One in five Americans experiences a mental illness in a given year and nearly one in two is likely to experience at least one during the course of a lifetime. Half of those with substance use disorders have co-occurring mental illnesses. So common, yet so troubling, is that many of these people suffer in silence and don't reach out for help.
Michelle Scheib has an idea for those who are struggling – as well as their loved ones: Dance.
Scheib, who has successfully treated her anxiety and depression, is point person for an Informational Fair and Flash Mob that will run from 10 a.m. to 1 p.m. Thursday, May 4 at the Central Library, 1 Lafayette Square.
"We'll have 30 tables where people can go and find information and help from different agencies," said Scheib, 39, of Cheektowaga, Recovery Center service coordinator with Restoration Society Inc. (rsiwny.org), where she has worked nearly a decade. The nonprofit – funded through Erie County, grants and private donations – provides housing, employment and social supports for those with mental illness and substance use disorders.
Q. What will the informational fair be like?
Along with the informational tables, Chris Warden from Compeer will give a talk, "Much More Than a Diagnosis," from 10:05 to 10:25. Brian Costello, from Lakeshore Behavioral Services, will talk about mindfulness and meditation. Dennis George, from the Dennis George Quizmaster Game Show, will give quizzes and also emcee…
The whole mission of this event is to increase peoples' knowledge of mental health and to realize there are different places in Western New York where people can come to get the help they need. Anxiety and depression are more normal than most people think.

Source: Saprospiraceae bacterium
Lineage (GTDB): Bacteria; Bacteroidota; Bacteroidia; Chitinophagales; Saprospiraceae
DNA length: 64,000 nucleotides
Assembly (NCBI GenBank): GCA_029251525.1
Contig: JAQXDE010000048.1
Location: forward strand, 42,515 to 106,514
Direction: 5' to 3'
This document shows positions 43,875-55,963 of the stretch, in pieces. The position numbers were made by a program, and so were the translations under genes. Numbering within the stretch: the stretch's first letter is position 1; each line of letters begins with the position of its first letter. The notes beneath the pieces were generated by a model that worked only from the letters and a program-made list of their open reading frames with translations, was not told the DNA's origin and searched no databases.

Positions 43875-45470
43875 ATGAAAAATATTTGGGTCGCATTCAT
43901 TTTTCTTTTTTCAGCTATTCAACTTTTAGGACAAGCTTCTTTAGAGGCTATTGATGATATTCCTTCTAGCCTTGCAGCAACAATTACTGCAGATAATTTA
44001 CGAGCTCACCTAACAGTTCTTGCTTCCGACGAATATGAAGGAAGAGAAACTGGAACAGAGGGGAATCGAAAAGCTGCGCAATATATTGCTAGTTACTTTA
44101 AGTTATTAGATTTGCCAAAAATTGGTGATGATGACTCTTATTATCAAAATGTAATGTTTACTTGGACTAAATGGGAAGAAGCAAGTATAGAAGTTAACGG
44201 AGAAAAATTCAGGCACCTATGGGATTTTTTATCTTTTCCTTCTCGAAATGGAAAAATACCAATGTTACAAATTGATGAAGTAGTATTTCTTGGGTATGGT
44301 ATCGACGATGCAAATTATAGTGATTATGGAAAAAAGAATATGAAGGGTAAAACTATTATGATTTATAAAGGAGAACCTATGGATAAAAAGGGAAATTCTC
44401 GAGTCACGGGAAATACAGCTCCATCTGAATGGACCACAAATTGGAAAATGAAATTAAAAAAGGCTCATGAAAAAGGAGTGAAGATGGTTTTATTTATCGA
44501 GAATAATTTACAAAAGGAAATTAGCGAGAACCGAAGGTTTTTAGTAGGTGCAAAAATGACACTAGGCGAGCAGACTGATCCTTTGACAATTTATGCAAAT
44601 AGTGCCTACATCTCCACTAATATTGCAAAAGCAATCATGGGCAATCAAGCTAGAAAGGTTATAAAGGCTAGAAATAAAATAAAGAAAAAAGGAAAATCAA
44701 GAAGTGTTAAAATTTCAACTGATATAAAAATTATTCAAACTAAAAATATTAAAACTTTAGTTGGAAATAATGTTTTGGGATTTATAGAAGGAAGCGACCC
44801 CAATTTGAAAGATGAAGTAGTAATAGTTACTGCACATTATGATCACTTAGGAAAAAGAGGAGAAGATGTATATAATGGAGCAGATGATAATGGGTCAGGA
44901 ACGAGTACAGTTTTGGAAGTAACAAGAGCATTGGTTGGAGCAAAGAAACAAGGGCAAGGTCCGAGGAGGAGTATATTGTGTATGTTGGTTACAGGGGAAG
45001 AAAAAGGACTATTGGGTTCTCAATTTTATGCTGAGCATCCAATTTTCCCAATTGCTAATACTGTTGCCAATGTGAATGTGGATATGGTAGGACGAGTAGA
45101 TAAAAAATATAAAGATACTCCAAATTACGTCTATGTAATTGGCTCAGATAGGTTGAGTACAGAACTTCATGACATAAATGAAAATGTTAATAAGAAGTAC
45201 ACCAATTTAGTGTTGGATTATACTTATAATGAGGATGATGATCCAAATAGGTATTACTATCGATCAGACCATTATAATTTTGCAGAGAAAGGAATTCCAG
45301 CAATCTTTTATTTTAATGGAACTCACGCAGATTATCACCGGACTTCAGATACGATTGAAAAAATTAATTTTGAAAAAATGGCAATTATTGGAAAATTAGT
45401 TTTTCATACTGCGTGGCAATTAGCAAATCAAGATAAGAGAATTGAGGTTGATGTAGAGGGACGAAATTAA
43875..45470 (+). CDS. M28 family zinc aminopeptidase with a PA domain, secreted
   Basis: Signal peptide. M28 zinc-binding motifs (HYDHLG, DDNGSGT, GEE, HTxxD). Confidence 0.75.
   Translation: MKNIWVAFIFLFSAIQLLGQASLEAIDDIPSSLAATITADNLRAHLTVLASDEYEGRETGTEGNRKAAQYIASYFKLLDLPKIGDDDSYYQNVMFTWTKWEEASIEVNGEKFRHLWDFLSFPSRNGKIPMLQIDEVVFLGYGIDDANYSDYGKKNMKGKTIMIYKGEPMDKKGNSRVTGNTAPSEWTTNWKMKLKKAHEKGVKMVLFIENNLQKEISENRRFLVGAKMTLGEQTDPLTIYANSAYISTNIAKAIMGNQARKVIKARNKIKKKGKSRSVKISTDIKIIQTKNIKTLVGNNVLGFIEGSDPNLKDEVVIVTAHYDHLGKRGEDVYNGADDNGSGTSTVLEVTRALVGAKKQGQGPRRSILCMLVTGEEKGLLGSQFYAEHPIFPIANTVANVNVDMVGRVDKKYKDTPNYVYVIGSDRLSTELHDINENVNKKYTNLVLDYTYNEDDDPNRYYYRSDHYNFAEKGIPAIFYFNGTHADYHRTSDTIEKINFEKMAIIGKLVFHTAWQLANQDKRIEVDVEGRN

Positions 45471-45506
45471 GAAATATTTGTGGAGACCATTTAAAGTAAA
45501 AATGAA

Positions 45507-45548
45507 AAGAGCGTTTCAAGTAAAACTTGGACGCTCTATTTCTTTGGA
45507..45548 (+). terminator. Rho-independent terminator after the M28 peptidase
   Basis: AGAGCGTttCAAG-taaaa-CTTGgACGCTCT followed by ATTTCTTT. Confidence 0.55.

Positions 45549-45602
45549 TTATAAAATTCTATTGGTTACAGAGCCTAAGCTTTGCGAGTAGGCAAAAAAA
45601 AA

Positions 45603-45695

The Restoration Society, Lakeshore, the Mental Health Association of Erie County, the Mental Health Peer Connection and the Buffalo & Erie County Public Library System are sponsors and helped plan the event.
Q. What about the Flash Mob at noon?
Sow it Now Health & Fitness will teach us the "Footloose" dance from 11:20 to 11:40 a.m.; from 12 to 12:30, we'll go out on the Washington Street side of the library. We'll have a DJ and dance. We hope people will hear the music and come over and see what's going on. We ask people to wear lime green – the color for mental health awareness – and if people don't, we're OK. We have different stickers, so they can still feel part of it.
Q. What would you like to say to someone who might be struggling with depression, anxiety or similar health challenges?
It's OK to reach out for help. It's better to reach out for support. With us, we'll try to help you that day … let you know you're not alone.
Q. What do you wish most people were more aware of when it comes to those with mental health needs, as well as available services in Western New York?
That people with a mental health diagnosis can work – and keep a job. That people can better themselves. Our previous CEO, who worked here for 30 years, had a diagnosis.
The older generation (of those with a mental health diagnosis) were told that they couldn't work. The younger generation is afraid about what people are going to say. I wish that younger generation would know that it's OK to reach out. More celebrities are reaching out, including Lady Gaga.
Twitter: @BNrefresh, @ScottBScanlon